What have your experiences been? Any stories to share? What I'd offer in the workbook is a few examples of things women might hear...and then offer some tips for what to look for in a competent therapist for partners. Just because the therapist is trained in treating SA does not mean they are competent to treat the partner!

Stories? Thoughts?


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 Post subject:
PostPosted: Tue Apr 13, 2010 7:53 am 
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Posts: 994
When I told my counselor that I was having difficulty with triggers she made it sound like I just needed to let it go. My husband cheated on me many times with Asian escorts, and I have felt triggered when seeing very attractive Asian women. Seeing them would remind me of what my husband "liked" and what he did. When I told my counselor this she said that those women had done nothing to me and that I shouldn't be angry with them. After hearing that I felt guilty for having these triggers. It wasn't that I was angry at these women who triggered me...they just reminded me of my husbands betrayal.

I needed to know how to deal with the feelings that arose from seeing them.

Also, I had discussed how it was difficult to get the images of his physical betrayal out of my head. My counselor said that what happened between my husband and the prostitutes was "his perception". It took me a long time to accept the reality of my situation and she was suggesting that I shouldn't believe any of it. I'm sorry this is hard to explain. She said that I shouldn't necessarily believe what he said happened...but either he was telling the truth, or it was worse. It was horrible to have someone suggest that my experiences weren't real or that my pain was unfounded.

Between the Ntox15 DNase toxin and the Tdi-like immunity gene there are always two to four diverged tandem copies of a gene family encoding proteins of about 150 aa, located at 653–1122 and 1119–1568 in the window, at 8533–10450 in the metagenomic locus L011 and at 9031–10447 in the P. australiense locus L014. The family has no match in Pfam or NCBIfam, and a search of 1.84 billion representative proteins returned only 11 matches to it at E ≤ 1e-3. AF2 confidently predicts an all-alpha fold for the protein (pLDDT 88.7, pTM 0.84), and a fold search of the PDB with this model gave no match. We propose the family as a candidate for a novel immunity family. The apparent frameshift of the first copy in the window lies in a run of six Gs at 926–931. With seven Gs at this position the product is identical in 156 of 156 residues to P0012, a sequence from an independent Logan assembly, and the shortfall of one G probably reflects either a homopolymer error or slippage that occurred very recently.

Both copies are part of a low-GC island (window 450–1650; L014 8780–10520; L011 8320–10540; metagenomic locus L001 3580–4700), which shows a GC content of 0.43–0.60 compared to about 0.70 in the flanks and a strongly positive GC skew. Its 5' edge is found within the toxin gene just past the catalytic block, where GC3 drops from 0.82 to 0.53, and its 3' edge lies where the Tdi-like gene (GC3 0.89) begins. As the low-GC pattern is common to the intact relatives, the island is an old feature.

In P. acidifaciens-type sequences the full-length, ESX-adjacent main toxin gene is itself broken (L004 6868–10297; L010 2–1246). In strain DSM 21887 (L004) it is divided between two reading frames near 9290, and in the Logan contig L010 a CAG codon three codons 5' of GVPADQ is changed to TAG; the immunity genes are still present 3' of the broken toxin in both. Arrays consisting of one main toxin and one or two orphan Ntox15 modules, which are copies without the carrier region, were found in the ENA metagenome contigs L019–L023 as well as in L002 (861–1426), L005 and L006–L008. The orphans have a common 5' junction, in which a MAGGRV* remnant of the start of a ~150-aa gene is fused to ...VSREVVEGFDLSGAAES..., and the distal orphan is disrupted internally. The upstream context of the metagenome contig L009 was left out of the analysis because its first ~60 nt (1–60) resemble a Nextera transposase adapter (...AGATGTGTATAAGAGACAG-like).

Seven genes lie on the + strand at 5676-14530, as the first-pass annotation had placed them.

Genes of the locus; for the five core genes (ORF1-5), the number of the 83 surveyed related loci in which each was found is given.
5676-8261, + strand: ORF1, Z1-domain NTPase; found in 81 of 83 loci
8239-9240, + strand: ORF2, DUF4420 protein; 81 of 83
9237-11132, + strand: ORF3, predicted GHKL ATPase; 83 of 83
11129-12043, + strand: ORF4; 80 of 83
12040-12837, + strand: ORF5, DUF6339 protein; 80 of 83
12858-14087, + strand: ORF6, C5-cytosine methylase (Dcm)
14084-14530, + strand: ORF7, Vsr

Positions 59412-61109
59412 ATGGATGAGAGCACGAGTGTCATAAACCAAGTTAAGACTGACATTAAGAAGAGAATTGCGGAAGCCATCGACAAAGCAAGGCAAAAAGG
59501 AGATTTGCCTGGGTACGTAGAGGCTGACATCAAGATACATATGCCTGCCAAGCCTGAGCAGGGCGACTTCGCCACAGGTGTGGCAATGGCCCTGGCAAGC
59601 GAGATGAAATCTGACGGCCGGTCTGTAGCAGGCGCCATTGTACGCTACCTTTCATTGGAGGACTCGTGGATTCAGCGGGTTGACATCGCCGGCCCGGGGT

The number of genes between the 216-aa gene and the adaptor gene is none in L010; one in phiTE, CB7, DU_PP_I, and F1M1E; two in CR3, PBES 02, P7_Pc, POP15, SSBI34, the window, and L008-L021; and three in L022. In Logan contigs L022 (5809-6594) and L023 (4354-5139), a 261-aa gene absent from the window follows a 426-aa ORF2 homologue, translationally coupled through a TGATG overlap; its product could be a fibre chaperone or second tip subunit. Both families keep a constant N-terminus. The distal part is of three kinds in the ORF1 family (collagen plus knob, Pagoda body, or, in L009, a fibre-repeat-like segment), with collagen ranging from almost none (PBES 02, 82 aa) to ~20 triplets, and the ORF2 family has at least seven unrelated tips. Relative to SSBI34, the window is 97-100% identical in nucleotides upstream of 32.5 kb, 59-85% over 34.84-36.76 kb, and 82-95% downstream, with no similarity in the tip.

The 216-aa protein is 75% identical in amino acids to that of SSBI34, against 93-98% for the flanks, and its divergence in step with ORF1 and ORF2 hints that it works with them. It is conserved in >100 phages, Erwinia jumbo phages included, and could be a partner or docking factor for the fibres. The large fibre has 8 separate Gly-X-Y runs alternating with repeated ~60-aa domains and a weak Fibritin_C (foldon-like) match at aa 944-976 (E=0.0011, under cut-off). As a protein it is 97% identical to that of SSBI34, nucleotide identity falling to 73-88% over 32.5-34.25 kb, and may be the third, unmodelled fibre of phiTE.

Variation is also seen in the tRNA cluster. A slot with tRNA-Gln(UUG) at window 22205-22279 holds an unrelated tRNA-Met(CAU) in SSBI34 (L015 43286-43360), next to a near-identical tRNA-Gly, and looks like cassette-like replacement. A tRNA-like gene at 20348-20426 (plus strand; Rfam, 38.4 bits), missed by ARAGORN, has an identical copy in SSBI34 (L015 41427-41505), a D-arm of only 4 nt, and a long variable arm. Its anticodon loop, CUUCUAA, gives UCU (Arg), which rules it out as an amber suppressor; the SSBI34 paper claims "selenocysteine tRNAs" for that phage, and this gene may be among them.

I think learning how to deal with triggers and imagery would also be very helpful.

Thank you!


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 Post subject:
PostPosted: Tue Apr 13, 2010 8:35 am 
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Partner's Mentor

Joined: Thu Jun 04, 2009 10:59 pm
Posts: 447
Things I heard in counseling:

1. While relating how painful I found it that my H was starting to refuse to have sex with me (I was 29, he was 33, and I didn't know about his PA at the time), she said: 'Why don't you just buy yourself some sex toys?'

2. In couples counseling, I said, in front of my H and through overpowering sobs, that it really hurt me that he chose P instead of me. I said that I thought his 'habit' reflected greater problems, not least of which was that it was destroying me, my belief in myself as a wife, my feelings about my body, my sexuality, and our marriage. The counselor said to me: 'I think you are over-focusing on P. It's something that a lot of men do, and is not really the problem. You just need to change your attitude to P.'

3. When I said to the couples counselor (in a private session), that the lack of sex in our relationship (less than 10 times a year), and his continuing P habit was hurting me, she said: 'You're just going to have to accept that sex just isn't as important to your H as it is to you.'

Honestly, these responses play over and over in my head almost as vividly as the images of other women my H downloaded.

Both counselors were trained in marriage counseling, and the second was trained in SA.

Thanks for giving me the chance to vent. Hope this helps!

FMT


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 Post subject:
PostPosted: Tue Apr 13, 2010 10:50 am